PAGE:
There's a page tacked on to the economic policy chapter on "supporting the success of women," but even more paltry than during the Abe years. Focused on undoing the harm done to women's prospects by the pandemic, combating domestic violence and sex crimes, women's health.
This manifesto does not give the impression that "womenomics" is a priority for the LDP at the present time, even compared to past manifestos.
The third section is another carryover from the Abe years: "to protect the agriculture, forestry, and fishery industries that are the nation's root, make them growth industries."

The Abe government, of course, basically took an industrial policy/export-oriented approach to ag.
Includes export targets -- JPY 2tn by 2025, JPY 5tn by 2030 -- for high-value-added exports, with accompanying industrial policy measures to support this development.
Chapter four is on fostering growth outside of major metropolitan areas, which mainly focuses on green growth and digitalization as opportunities to reverse the movement of people from countryside to big cities.
I don't see much here that's different from 2014's "local Abenomics" or other efforts to reverse that long-term trend.
Chapter five is the arrival of economic security as its own pillar of the LDP's program. The phrase did not even appear in the 2017 and 2019 UH manifestos.
The first pledge here is comprehensive economic security legislation to safeguard strategic autonomy and prevent leakage of strategic technologies and commodities.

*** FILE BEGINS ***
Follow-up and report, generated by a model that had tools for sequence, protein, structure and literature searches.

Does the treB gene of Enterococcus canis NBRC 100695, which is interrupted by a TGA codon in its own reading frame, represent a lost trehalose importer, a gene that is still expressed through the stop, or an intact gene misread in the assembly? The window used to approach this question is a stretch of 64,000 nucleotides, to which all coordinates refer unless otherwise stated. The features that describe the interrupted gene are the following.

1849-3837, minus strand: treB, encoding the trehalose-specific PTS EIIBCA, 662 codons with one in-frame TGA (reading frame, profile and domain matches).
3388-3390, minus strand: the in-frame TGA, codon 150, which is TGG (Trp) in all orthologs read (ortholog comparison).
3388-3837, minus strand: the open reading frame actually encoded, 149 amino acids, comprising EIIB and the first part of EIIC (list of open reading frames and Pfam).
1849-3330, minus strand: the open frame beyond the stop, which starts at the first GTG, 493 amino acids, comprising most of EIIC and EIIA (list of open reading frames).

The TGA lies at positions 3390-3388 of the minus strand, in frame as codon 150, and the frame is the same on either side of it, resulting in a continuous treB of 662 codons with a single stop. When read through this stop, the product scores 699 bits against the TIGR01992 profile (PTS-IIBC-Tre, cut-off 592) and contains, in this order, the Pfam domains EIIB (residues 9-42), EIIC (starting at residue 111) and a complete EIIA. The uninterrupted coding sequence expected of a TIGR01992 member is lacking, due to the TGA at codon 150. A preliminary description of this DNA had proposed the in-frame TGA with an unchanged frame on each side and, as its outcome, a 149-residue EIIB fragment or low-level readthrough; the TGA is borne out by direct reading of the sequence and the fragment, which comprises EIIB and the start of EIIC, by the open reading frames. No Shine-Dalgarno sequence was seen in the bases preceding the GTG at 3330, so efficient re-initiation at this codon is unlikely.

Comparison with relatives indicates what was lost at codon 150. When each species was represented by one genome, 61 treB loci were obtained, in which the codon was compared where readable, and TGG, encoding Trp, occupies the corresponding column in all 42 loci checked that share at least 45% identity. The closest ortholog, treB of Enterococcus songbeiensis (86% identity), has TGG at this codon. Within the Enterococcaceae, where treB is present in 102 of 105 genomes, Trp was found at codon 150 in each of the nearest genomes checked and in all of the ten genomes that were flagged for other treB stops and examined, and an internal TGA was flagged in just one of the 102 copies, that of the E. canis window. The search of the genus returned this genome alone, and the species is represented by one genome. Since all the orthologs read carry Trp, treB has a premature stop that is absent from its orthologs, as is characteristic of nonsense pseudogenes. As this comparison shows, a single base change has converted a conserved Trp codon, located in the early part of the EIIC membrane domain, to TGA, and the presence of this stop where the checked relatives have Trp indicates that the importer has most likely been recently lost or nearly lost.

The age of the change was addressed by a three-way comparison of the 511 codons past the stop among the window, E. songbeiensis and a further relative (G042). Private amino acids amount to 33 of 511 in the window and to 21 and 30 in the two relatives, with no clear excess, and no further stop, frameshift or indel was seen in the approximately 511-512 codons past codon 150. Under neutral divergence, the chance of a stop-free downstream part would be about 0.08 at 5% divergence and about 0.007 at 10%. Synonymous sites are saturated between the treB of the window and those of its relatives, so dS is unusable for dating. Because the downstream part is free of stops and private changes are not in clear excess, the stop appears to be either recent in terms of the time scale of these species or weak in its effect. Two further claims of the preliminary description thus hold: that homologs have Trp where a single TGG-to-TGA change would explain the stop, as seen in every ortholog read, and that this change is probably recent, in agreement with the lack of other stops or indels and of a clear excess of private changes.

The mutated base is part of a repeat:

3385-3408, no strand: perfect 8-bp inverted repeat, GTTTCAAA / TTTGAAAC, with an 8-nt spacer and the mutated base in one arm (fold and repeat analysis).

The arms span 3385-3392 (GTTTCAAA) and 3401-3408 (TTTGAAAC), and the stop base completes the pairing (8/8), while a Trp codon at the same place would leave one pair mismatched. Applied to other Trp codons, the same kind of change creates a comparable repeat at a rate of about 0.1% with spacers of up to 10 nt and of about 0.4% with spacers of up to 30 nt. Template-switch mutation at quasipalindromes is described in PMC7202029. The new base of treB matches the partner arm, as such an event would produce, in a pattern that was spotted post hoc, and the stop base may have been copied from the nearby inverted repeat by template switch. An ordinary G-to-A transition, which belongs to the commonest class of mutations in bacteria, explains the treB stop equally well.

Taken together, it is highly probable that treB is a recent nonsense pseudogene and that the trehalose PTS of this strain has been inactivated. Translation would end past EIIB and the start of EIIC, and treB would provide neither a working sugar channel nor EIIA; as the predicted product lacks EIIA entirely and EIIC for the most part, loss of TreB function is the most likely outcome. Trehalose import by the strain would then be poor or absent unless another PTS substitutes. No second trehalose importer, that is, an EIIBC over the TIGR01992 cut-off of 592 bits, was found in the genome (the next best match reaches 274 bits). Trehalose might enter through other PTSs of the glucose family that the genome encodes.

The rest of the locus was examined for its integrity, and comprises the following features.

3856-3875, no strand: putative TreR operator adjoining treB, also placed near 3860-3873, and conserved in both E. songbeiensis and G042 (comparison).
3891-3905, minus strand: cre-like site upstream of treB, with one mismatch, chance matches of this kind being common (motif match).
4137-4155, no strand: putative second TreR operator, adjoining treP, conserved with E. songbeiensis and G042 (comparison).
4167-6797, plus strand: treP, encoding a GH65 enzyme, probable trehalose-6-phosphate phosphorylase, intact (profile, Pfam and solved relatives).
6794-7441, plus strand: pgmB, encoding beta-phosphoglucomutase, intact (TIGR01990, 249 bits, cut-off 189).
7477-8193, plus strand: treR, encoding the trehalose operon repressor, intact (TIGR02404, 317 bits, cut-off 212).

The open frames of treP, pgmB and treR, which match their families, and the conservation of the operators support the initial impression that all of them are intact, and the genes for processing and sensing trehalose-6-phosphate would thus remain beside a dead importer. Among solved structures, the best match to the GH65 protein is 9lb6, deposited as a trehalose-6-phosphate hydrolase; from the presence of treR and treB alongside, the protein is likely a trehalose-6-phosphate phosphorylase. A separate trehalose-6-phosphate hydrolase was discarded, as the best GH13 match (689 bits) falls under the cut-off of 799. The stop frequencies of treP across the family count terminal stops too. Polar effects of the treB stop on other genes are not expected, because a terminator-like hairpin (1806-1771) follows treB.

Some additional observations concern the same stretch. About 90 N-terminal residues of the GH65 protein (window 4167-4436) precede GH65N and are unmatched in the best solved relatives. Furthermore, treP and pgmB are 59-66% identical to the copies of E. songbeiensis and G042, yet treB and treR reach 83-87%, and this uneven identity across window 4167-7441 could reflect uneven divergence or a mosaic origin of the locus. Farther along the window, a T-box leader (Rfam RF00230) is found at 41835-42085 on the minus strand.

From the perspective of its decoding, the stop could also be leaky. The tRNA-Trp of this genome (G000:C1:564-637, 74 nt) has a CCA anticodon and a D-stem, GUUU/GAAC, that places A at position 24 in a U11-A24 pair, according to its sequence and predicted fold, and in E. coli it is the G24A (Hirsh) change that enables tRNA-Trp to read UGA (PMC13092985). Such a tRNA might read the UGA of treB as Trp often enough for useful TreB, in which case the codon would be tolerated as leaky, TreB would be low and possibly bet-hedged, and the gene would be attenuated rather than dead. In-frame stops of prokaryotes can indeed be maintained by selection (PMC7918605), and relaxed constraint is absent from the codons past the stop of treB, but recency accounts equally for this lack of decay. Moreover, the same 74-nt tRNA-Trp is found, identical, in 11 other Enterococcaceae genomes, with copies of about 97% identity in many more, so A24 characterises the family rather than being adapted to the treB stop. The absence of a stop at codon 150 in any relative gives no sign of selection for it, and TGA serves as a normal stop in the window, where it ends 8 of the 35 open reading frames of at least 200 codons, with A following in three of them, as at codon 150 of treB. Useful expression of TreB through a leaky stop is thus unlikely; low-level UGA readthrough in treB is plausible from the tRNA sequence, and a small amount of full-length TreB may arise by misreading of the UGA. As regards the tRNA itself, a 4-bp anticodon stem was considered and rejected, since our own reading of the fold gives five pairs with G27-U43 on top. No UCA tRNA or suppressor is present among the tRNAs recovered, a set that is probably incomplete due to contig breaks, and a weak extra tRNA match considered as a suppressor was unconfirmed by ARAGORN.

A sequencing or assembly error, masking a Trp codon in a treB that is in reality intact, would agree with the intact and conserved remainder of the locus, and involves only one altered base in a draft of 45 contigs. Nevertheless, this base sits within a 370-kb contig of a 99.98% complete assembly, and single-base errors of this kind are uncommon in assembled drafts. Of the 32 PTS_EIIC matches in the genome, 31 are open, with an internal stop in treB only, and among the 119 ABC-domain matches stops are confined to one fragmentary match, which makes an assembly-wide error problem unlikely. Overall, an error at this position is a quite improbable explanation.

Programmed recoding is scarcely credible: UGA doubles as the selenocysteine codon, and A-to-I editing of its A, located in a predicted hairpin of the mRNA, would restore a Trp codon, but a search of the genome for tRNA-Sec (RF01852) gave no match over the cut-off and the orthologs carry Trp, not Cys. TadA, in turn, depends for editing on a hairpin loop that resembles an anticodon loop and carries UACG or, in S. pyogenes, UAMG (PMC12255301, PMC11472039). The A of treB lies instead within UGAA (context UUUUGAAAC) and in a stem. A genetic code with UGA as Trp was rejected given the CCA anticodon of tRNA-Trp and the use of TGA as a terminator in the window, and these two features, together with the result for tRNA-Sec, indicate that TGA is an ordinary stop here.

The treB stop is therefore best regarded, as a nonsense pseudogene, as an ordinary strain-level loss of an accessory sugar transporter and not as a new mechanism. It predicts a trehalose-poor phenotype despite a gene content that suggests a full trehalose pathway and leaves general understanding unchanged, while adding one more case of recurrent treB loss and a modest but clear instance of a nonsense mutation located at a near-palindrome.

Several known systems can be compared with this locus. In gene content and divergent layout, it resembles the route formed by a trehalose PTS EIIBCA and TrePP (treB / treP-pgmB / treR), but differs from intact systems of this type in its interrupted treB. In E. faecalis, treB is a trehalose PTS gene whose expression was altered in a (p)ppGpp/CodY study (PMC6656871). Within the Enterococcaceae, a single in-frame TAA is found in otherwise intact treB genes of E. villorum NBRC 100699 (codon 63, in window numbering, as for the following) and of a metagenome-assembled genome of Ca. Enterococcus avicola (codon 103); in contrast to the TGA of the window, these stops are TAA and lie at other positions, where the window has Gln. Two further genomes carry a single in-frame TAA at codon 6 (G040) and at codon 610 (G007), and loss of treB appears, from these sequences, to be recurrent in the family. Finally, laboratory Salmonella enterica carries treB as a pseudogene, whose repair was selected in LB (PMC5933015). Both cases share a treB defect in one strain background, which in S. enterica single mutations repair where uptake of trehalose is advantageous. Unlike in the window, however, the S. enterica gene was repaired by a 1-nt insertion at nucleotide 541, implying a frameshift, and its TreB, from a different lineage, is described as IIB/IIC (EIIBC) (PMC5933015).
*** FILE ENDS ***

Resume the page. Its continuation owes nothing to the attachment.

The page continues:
More signs of industrial policy backed by state resources. Pledges to use tax incentives and financial support to aid companies producing goods necessary for daily life, etc. and facilitate reshoring of production and R&D.
Will strengthen supply chain security for advanced technologies, rare earths, semiconductors, batteries, medical supplies, etc. Also calls for greater investment in information and cyber security.
Now we arrive at chapter six, the big one, foreign policy and national defense. Naturally, lots of photos of Kishida as foreign minister here. (Also lots of photos of John Kerry.)
First bullet: embracing the Free and Open Indo-Pacific in the interest of upholding universal values (liberty, democracy, rule of law, human rights) and stabilizing international order. In this vein, emphasizes partnerships with US, Quad, ASEAN, Europe, and Taiwan.
Taiwan is the big difference here. This language is the same here as earlier manifestos, but there was literally no mention of Taiwan in the 2017 and 2019 manifestos. Here, the LDP endorses Taiwan's TPP application, as well a WHO observer status.
Otherwise, calls on North Korea to return all abductees to Japan as soon as possible and pledges to work with the international community to achieve North Korea's complete abandonment of nuclear and missile programs.
Without using the word China, calls for "stressing that which should be stressed" and urging responsible behavior regarding human rights for Hong Kong, Tibet, Xinjiang, and Inner Mongolia.
"We will calmly and resolutely address that issues that relate to Japan's sovereignty and *honor* [emphasis added], as well as people's lives, safety, and property, such as the growing military power of neighboring countries, unilateral attempts to change the status quo...
"violations of international law, and *unprovoked criticism of historical awareness* [emphasis added]."